Nearly nine years ago in an eagerly anticipated appointment, Simon Baker stepped into post as Tate’s first dedicated photography curator. The announcement, and subsequent flurry of press coverage, both acknowledged and accentuated a longstanding disconnect between photography and other artforms within the institution, echoes of an archaic hierarchy ringing out throughout its galleries. Tate’s recent curatorial appointments (compare with those in western photography epicentres New York and Paris), along with an updated programming and display ethos demonstrated its renewed commitment to the medium. Tate went on to stage a total of 17 major exhibitions addressing photographic practice from 2009-2018, increasing from only 10 in the twenty years prior. An acquisitions committee was established in 2010, where its work helped the museum to quadruple its photographic holdings in just four years.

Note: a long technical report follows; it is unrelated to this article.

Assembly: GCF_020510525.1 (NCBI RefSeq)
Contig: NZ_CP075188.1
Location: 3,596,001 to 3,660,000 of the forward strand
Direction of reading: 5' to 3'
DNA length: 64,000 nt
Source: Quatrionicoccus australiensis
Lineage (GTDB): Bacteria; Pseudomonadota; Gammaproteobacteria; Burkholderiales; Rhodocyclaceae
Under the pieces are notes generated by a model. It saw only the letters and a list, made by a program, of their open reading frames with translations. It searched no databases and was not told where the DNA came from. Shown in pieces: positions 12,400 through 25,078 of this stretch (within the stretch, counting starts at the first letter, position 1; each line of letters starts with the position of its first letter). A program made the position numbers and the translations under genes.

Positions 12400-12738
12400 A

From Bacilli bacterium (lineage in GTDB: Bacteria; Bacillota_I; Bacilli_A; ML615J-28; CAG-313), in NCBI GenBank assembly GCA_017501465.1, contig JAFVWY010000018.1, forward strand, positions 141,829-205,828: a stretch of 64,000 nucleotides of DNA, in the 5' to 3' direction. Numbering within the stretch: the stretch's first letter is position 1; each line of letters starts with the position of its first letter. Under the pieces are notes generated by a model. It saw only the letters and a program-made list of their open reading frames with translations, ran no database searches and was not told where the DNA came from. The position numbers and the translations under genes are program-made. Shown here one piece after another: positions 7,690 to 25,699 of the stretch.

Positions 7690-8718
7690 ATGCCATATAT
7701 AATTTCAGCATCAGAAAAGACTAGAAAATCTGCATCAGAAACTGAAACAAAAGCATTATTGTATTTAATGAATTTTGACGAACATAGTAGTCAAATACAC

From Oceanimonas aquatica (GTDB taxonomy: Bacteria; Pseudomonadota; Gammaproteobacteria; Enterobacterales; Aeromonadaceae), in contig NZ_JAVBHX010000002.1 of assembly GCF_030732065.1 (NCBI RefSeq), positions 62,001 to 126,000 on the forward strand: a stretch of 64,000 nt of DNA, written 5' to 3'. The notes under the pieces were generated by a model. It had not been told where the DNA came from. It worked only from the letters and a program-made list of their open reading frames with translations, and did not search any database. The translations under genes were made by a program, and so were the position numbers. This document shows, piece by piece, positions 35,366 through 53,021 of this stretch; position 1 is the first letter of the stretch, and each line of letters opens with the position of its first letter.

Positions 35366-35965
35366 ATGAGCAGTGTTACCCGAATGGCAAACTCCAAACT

Simon leaves for pastures new as director for the Maison Europeene de la Photographie in Paris. His is not Tate’s only recent departure— the other half of the institution’s much admired photo duo announced their departure only two weeks earlier, initiating a substantial shake-up of the department, but not before they had cemented photography’s place in the galleries. “The need to continually push and argue for photography? This argument has been won at Tate” asserts Simon, however he still believes there is more work to be done for photography beyond Tate, a task and responsibility for London's wider art ecosystem.